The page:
Making Reuse Work

What are the key principles, practices, and strategies to achieving significant levels of reuse?

Are the answers different for reuse within a project, within a business unit, within an enterprise, across industries?

To what degree do technology choices affect the level of reuse? Design practices? Business models? Incentive plans?

How do you MeasureReuse?

A big barrier to reuse is knowing that stuff exists that can be reused. How then does one go about creating a ReuseCatalogue?

Suggest you have a look at the SoftwareReuseBook. The standard measure is the reuse level R, which is defined as the ratio of "size of workproducts derived from reusable component systems" to "total application system size". How you measure "size" depends on the output of the process. There are other things you can measure such as number of defects, number of lines of code, or development time per function point or use case. The key thing is to look at the relationship between complexity and output (in terms of the eternal triad of time, quality and cost) as reuse is increased. -- AndrewJoyner

I've always been curious how you avoid the tight coupling problem with reusing components from separate projects. And if those projects are out of your control, you're screwed.

Internally, I've noticed that reuse is simple providing people have a good idea of most of the system. The problem seems to be making people aware of what already exists. Then reuse is a matter of refactoring.

But I'm guessing other people have done this better, like the DoIt team. I'd love to know.

This might be a stupid observation, but here goes... the biggest single thing that I tend to reuse over and over, in any language, is that language's standard library. Not only that, but the size and nature of a language's standard library determines a lot about what I can use the language for.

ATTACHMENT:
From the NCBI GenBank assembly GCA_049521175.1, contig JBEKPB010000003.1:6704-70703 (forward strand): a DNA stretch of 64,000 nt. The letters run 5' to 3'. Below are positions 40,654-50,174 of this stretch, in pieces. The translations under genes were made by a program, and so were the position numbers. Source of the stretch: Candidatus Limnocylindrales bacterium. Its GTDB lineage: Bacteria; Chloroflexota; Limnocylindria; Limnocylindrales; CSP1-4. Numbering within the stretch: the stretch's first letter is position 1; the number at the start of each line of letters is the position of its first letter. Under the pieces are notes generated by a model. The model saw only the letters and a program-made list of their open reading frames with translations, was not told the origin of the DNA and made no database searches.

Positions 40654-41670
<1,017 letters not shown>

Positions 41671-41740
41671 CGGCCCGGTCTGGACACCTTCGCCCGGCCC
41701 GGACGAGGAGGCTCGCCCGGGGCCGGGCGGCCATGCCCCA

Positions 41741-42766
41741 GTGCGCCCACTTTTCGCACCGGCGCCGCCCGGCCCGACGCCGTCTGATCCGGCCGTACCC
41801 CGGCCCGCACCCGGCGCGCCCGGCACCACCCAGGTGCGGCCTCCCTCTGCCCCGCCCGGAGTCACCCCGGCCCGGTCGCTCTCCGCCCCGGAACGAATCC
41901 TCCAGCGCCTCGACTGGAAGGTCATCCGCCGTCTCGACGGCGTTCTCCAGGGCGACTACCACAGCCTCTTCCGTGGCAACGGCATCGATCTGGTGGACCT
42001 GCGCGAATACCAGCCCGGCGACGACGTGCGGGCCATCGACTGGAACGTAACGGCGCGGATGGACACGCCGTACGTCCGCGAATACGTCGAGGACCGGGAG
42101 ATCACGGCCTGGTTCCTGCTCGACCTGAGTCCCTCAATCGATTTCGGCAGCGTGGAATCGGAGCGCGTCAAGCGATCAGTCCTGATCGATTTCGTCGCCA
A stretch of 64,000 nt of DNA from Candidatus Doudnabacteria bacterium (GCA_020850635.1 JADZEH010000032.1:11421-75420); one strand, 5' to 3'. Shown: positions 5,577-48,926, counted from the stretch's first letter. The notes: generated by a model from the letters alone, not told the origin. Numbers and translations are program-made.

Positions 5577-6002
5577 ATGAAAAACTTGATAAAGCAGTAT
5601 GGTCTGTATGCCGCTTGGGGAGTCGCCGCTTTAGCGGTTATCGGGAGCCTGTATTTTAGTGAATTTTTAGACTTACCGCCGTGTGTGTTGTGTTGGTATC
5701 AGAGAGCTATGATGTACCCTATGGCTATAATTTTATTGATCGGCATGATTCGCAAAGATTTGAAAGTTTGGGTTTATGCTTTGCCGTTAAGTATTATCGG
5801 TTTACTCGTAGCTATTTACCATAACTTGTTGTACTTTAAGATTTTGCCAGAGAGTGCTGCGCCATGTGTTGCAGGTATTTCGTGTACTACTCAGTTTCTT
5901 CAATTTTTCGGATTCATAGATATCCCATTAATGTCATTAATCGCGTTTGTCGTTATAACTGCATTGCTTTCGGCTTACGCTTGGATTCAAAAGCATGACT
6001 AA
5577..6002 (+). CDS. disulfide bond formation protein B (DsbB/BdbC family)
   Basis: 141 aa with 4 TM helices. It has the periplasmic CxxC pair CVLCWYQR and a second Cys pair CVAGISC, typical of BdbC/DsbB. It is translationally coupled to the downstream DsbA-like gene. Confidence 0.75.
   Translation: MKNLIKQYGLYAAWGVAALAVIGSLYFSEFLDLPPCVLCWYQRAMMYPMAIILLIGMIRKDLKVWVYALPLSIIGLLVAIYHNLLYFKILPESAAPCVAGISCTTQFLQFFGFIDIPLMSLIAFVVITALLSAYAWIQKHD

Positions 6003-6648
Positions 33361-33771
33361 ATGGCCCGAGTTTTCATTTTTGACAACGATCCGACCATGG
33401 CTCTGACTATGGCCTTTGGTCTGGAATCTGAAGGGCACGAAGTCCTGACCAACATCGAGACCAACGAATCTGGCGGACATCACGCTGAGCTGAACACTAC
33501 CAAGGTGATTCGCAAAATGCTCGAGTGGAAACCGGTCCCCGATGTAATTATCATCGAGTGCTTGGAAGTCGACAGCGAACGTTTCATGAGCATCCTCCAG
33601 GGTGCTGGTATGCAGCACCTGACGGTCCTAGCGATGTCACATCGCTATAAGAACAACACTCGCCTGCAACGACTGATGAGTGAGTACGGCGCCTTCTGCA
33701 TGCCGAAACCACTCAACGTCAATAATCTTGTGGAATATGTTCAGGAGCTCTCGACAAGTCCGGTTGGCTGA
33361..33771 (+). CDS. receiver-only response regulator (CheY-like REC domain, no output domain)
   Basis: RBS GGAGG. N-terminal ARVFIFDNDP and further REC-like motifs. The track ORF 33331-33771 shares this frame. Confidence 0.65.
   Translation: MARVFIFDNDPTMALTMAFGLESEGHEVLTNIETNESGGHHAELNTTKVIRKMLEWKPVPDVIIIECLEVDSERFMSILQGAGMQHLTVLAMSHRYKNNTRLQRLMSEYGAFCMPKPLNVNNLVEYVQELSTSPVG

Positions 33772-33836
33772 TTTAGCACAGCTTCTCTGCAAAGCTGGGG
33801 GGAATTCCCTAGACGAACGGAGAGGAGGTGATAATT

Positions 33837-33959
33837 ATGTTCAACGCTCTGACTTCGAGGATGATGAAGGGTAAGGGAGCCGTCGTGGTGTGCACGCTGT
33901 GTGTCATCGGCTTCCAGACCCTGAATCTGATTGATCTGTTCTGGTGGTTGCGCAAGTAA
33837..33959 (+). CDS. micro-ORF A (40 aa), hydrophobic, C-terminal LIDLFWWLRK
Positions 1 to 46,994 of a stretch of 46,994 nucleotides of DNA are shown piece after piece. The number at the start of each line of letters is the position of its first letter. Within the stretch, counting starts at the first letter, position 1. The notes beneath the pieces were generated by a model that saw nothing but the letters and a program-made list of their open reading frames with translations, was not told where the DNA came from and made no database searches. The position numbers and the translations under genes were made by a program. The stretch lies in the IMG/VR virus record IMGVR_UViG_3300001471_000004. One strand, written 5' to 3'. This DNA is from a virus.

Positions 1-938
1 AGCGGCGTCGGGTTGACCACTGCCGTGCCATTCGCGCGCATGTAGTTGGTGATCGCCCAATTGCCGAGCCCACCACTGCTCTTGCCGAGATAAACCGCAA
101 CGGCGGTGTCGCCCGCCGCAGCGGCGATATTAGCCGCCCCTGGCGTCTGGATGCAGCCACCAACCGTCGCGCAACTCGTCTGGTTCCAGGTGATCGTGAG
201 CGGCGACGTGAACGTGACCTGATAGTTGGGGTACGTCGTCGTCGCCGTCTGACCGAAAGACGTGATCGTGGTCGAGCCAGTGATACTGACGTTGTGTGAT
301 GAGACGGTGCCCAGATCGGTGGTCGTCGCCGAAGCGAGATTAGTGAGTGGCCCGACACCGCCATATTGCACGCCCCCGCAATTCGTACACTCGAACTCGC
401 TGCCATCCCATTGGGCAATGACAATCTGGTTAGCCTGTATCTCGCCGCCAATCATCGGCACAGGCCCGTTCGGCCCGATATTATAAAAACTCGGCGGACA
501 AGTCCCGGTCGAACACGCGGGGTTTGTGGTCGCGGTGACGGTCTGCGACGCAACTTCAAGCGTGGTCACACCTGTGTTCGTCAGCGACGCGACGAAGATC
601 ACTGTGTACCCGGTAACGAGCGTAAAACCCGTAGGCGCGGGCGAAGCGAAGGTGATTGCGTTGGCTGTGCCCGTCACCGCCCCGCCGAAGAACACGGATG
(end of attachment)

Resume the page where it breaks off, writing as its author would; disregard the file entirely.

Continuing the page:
Would reuse be fostered if every organization had a standard library which was at least as well defined and ubiquitously accessible as the standard library in the language? Of course, care would have to be taken to ensure that it is well-organized, well-documented, and generally useful -- and that everybody is up to date. In particular, someone would have to consider submissions to the library, and reject those that are not sufficiently general to be of use to the organization as a whole. But if that care were taken, wouldn't it be worth it? -- EdwardKiser [modified Mon Apr 16 2001, 4:50 PM UTC]

There's a paragraph relevant to software reuse at the end of

It strikes me that the things that get reused most successfully are not the "software ICs" sitting on the shelf waiting to be incorporated into a design. Instead, the software most reused is imbedded in the operating environment just waiting to be invoked -- e.g. the Windows API or Mac Toolbox windows, menus, buttons, and other widget-level features and objects.

I want to see a environment that offers reusable services at a level between widgets and full applications (ala creating an Excel or Word object). In the domain of business systems, the DoItFramework approach tries to facilitate this by defining a powerful, common and consistent user interface. This allows application-neutral shared services to be developed only once to provide presentation, retrieval, selection, analysis, query, classification, versioning, organization, navigation, etc., services for all enterprise IS needs. The products of business-process-specific development effort (data engineering, presentation layout design, defining relationships and association definitions) are also reusable. They are available to any other existing or new business process support by simple redefinition of the contents of any "worktable" in which relationships exist. Correctly implemented, integration falls out naturally, and enterprise services can be delivered in frequent increments, as a much more granular level than the (unnatural) "application" scope of today's efforts. --JimRussell


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